Growing up in Iran in the 50s and 60s, filmmaker Mehrnaz Saeed-Vafa remembers praying with her mother and experiencing a profound sense of magic underlined by a profound sense of despair. “I would go to mosques with all these mirrors and silver doors and become overwhelmed with the beauty. But then I would see women, including my mother, who cried when they prayed. I could sense their pain in the midst of all this beauty.”

As she got older Saeed-Vafa became aware of more conflicts. “I grew up with mixed messages. During the shah’s time Iran was very Western, but tradition was very strong inside families. I was brought up with both sets of values. My mother, however, was not a very traditional woman, and I got the message that I should promote my education and independence.”

So she studied business and economics during college in Tehran, but after one course in film production and theory she fell in love with filmmaking. At 23, against the wishes of her conservative father, she went abroad to study at the London Film School for two years. When she came back in 1976 she began working for Iranian National Television, first writing scripts and editing, then producing and directing. She also amassed an archive of documentary footage and photographs of her travels around the country.

In 1979 the Iranian revolution started, and she filmed swarms of men and black-veiled women protesting in the streets. A year later the Iran-Iraq war broke out. “Life was full of anxiety, because at every second you would expect to be attacked by an enemy who was invisible. When you heard a rocket you had to forget whatever you were working on and run around looking for shelter.”

Four years into the war she was increasingly frustrated and depressed about the fighting, about her family problems, about her work. She separated from her husband and joined her mother, brother, and sisters in Chicago, where she quickly found work as a film editor. Eventually she got her MFA in filmmaking from the University of Illinois, then took a teaching job at Columbia College.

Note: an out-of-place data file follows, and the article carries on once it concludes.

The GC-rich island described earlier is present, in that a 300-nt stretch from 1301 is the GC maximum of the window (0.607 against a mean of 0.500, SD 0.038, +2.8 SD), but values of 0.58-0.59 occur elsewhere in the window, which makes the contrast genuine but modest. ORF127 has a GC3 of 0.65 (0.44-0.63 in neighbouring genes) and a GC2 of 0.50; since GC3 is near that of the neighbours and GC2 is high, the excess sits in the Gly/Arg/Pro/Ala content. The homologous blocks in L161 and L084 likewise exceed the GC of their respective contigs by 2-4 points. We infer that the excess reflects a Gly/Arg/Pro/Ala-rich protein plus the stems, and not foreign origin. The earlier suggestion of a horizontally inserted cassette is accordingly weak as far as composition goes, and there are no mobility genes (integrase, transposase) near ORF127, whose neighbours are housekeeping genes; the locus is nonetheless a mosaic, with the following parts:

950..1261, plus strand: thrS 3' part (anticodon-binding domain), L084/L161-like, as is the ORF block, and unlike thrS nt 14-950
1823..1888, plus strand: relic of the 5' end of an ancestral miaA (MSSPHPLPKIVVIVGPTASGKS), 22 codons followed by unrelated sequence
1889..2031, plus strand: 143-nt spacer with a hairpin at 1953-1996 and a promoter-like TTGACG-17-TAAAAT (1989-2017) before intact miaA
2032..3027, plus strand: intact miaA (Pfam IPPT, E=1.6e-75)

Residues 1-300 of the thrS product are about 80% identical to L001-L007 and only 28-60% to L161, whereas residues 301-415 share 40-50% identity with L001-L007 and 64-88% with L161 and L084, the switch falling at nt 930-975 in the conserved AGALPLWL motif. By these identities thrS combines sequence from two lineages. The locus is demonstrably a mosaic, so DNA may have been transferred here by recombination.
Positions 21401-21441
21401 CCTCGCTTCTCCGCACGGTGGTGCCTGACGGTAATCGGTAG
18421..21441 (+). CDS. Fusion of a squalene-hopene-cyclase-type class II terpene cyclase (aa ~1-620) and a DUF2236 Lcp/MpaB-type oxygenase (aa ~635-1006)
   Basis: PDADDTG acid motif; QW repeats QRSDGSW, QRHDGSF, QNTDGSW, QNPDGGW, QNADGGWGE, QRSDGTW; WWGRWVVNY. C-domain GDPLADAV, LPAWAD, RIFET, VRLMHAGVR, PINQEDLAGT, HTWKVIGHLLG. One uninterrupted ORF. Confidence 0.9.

But the experience of being an immigrant and adjusting to a radically different culture wasn’t easy. “The country that I left behind was full of pain, but when I landed here it felt as if this country was going on as if nothing was happening. This was the farthest I could go away from my country, and that was very difficult. I’m only beginning to feel a little comfortable after 12 years.”

One day she was going through a book on Tajikistan and came across a photograph of a young Muslim woman reading in front of a mosque. The unusual image reminded her of her own youthful innocence and curiosity. Using the photograph as a starting point, she began working on a video documentary exploring the cultural conflicts faced by Persian-speaking Muslim women refugees living in the U.S.

A Tajik Woman juxtaposes the photograph, her footage of the Iranian revolution, her own narrative, and interviews with Afghan and Iranian refugees who’ve experienced war and exile. A college student describes going to Bangladesh on a vacation with her parents, only to find that the trip was made with the intention of arranging a marriage for her. Saeed-Vafa’s mother expresses both her deep longing for her homeland and her sense of pride and guilt at being able to wear the color red in the U.S.

The 20-minute video won a grand prize at this year’s Festival of Illinois Film & Video and a first prize in the American Film Institute’s Visions of U.S. contest. Saeed-Vafa says it’s only the first in a series of films she’d like to make exploring the lives of immigrant Muslim women; she’s now writing a script for a film based on The Arabian Nights. “I find a lot of wisdom in that myth. The main character survives and helps other women by storytelling, because the king gives up his bad habit of killing women. I’m trying to relate some of the wisdom of that myth to the modern time.”

A Tajik Woman will be screened at the awards ceremony of the Film & Video festival at 7:30 PM on Saturday, September 30, at Kino-Eye Cinema at Chicago Filmmakers, 1543 W. Division. Tickets are $5; call 663-1600, ext. 5434.

Art accompanying story in printed newspaper (not available in this archive): photo/Nathan Mandell.